We live in a beautiful part of the world, the Pacific Northwest. We endure plenty of rain here, and we’re okay with it because it is what makes this part of the country so green and lush. However, these dark wet months also serve as the perfect environment for another kind of growth: mold. Exposure to mold can cause many types of health problems, and although most people present with mild symptoms, some of our patients have suffered major health issues as a result. Some common symptoms of short term mold exposure can include:

– Sneezing
– Itching Skin
– Redness and skin irritation
– Itchy or watery eyes
– Headache

More advanced symptoms of mold exposure can result for people who are in a contaminated area off and on for an extended period of time. Symptoms are reported to have become more severe and longer lasting directly in proportion to the length of exposure time. Some symptoms can include:

– Constant headaches
– Nose bleeds
– Feelings of constant fatigue
– Nausea or vomiting
– Diarrhea
– Skin rashes
– Sudden asthma attacks or breathing disorders
– Ear infections and pain
– Chronic sinus infections
– Chronic bronchitis
– Pain in the joints and muscles

We treat many patients who suffer from allergies, and because we live in the Northwest, mold is an allergen that we often need to address. Eliminating the source of mold from your living environment is the most important thing to reducing symptoms. Acupuncture will also help alleviate symptoms and strengthen your immune system. To read about other possible symptoms of mold exposure, click here. For common questions about mold, check out the Center for Disease Control’s fact sheet on mold.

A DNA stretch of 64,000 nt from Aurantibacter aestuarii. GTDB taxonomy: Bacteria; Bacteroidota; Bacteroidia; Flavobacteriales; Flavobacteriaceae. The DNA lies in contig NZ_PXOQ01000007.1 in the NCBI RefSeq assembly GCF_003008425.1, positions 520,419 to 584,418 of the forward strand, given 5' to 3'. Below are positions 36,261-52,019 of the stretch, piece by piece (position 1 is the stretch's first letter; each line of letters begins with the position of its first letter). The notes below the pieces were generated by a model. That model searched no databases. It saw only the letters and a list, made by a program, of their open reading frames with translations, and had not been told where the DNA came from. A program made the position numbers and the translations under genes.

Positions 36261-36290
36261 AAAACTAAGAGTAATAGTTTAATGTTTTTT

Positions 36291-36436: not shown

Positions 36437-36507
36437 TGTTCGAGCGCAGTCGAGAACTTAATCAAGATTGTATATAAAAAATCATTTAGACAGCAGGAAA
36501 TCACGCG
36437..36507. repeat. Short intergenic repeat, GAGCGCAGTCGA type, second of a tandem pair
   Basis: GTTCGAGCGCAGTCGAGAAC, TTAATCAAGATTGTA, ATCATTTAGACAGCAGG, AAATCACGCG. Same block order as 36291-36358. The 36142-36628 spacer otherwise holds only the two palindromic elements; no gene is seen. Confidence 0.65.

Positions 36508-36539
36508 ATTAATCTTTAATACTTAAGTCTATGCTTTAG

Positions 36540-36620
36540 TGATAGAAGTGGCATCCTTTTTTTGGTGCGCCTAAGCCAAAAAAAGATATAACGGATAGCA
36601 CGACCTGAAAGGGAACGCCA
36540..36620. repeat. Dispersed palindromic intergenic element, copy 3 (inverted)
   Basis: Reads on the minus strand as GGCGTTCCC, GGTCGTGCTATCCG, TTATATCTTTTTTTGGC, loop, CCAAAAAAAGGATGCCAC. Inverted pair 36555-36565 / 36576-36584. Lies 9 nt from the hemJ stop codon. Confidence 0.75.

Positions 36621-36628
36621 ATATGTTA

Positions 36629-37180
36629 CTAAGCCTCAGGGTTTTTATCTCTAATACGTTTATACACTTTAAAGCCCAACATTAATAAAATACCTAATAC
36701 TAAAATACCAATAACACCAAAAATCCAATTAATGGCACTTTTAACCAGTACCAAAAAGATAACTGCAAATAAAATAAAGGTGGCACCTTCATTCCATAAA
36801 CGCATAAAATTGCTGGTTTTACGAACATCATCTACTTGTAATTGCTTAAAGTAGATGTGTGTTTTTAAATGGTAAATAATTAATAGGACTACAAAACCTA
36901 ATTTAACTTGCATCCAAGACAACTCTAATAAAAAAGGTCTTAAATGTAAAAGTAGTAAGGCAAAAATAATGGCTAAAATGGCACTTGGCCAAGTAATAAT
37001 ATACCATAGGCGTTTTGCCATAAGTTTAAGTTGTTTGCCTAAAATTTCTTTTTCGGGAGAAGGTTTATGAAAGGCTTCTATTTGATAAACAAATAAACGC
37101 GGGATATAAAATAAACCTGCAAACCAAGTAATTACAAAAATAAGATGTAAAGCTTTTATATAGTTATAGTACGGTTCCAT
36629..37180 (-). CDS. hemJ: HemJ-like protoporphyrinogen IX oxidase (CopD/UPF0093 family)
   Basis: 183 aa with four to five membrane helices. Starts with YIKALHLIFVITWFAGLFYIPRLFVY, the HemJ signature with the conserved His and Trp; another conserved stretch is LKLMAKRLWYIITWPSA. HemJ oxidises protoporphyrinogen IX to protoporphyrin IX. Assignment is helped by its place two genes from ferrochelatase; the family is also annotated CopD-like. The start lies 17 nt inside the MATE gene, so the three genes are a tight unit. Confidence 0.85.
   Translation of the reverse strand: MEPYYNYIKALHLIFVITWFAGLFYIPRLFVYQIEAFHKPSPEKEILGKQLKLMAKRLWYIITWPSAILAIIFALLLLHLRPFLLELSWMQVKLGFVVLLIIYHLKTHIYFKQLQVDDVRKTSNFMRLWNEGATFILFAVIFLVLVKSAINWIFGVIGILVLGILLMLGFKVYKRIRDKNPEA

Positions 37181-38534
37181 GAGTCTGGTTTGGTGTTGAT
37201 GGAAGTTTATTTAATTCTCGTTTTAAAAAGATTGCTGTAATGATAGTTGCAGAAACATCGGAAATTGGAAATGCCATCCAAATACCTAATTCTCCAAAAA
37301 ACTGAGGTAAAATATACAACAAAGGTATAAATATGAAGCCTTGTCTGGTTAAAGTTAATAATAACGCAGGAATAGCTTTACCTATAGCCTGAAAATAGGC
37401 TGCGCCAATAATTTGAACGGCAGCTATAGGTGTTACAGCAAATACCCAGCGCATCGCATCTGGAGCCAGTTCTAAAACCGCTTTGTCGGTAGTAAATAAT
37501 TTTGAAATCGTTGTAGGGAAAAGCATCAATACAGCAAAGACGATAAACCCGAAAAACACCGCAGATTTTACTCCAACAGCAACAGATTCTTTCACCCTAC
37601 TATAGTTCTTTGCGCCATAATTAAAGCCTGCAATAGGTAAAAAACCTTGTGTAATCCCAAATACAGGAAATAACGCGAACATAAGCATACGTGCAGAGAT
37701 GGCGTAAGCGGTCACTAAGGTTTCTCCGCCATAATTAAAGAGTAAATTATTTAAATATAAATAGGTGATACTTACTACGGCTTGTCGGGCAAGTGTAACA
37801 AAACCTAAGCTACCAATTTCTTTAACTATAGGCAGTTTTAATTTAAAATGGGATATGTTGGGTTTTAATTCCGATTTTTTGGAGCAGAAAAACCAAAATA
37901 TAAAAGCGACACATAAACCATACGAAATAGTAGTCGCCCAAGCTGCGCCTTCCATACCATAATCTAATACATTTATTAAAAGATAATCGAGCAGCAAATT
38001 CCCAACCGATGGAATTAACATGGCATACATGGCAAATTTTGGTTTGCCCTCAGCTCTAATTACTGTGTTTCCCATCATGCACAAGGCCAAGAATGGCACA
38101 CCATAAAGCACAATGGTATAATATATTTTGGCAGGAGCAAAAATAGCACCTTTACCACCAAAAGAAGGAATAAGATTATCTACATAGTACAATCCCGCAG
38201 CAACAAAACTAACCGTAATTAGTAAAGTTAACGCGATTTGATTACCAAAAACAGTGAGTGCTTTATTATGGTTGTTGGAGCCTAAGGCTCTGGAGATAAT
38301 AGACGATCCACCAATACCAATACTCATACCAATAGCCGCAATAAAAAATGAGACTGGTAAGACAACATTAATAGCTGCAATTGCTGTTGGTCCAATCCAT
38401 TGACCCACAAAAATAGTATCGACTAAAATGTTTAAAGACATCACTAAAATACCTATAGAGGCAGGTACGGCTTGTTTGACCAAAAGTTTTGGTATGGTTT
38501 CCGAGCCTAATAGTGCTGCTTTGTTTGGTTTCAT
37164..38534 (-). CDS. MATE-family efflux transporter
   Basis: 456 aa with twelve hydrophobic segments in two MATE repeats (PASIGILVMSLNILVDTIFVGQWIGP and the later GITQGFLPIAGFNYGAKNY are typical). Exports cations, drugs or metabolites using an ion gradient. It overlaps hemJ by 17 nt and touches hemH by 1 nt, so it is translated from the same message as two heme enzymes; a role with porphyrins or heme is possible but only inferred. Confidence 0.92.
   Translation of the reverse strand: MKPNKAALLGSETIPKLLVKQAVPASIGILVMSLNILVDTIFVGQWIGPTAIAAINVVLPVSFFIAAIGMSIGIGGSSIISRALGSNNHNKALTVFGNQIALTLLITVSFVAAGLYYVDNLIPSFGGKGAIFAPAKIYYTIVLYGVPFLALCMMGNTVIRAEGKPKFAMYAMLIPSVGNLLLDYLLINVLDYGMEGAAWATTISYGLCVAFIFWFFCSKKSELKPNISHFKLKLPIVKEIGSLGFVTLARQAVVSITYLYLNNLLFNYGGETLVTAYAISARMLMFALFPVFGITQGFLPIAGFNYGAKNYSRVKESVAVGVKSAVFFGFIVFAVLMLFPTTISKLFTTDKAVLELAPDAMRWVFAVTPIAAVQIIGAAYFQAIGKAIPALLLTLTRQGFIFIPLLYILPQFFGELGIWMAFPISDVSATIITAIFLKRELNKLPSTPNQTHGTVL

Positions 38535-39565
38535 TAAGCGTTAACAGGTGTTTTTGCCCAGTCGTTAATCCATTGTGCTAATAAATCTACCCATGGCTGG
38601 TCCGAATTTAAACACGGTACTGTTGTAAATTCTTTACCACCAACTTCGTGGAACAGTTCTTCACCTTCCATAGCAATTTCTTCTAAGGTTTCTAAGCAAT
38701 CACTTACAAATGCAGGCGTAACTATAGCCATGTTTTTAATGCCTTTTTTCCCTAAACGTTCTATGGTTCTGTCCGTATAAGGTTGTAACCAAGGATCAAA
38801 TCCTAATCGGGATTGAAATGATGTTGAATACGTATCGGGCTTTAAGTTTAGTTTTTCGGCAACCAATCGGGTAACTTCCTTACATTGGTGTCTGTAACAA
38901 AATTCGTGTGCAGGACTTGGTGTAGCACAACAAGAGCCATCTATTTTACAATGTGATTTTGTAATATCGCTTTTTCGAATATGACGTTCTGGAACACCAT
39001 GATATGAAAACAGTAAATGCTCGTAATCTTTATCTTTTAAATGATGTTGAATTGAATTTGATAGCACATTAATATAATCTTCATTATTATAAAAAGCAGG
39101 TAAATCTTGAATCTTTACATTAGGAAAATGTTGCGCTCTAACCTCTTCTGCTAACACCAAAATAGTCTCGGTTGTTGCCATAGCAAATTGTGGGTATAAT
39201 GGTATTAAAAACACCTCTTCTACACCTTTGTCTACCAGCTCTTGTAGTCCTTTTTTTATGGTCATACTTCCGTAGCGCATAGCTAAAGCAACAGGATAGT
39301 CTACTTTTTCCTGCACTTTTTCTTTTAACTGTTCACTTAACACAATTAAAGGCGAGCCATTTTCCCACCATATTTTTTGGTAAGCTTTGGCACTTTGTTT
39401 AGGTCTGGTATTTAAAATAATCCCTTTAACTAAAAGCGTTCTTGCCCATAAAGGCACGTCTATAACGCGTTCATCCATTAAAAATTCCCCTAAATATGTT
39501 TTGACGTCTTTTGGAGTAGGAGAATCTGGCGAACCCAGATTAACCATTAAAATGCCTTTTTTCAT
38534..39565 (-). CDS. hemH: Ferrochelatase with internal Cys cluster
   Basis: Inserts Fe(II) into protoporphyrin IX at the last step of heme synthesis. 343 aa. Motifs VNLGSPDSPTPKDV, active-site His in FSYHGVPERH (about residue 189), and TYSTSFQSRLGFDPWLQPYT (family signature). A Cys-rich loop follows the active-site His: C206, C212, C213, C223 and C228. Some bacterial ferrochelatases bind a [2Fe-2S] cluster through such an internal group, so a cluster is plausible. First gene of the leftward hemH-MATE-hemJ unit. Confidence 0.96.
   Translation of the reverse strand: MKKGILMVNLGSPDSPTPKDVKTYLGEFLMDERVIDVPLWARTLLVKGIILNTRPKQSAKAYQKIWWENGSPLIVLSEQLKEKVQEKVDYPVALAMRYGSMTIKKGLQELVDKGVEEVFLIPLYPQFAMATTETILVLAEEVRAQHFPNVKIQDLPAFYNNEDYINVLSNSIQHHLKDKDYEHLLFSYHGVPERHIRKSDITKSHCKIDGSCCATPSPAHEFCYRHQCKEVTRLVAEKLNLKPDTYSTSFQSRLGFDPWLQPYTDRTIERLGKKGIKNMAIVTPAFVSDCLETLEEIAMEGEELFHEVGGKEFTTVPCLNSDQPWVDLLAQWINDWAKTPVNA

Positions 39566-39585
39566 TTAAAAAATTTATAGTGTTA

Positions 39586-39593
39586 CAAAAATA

Treat Your Kids to Pediatric Acupuncture

People are very familiar with using acupuncture as adults, but many people don’t realize how beneficial acupuncture can be for their kids. Acupuncture can treat a multitude of conditions for children (more on conditions treated here), and kids can start getting treatment as young as a couple weeks old. Because children are considered to be very yang (active, dynamic, energetic), they respond very quickly to treatment methods, and often recover faster than adults.

Needles can be a part of the treatment….but they don’t have to be. Most often, kids enjoy the idea of using tiny needles to help heal their body. They get excited about learning how acupuncture works and how to take control of their own health. We also have many other tools we use in practice that effectively treat pediatric conditions. Acupressure is great for kids, and pressing on specific acupuncture points is a technique we often teach parents to use at home. Pediatric massage or qigong can be used as well, and helps treat children who are especially sensitive to stimulus and their environments. In some cases, we use a line of pediatric herbal formulas, and they add enormous benefit to the treatment plan.

No two treatments look the same when treating children. It is always about meeting the child where they’re at that day, and we all know that when it comes to kids, you don’t always know what you’re going to get.  We can treat kids on the treatment table, in a chair, on the floor, or in their parent’s lap. Books or toys provide great distractions, and we often make a game out how we are treating that day.

For children, just like adults, you can use acupuncture and Western medicine together, in fact they are very complimentary. We often use acupuncture in combination with other conventional treatments, each method reinforcing the other. For example, we will treat a child for an ear infection or upper respiratory tract infection in conjunction with the child taking antibiotics. Kids see faster healing times, and parents see happier children.

If you have questions about how acupuncture can help your kids, call us anytime. We understand how important health care is for your little ones!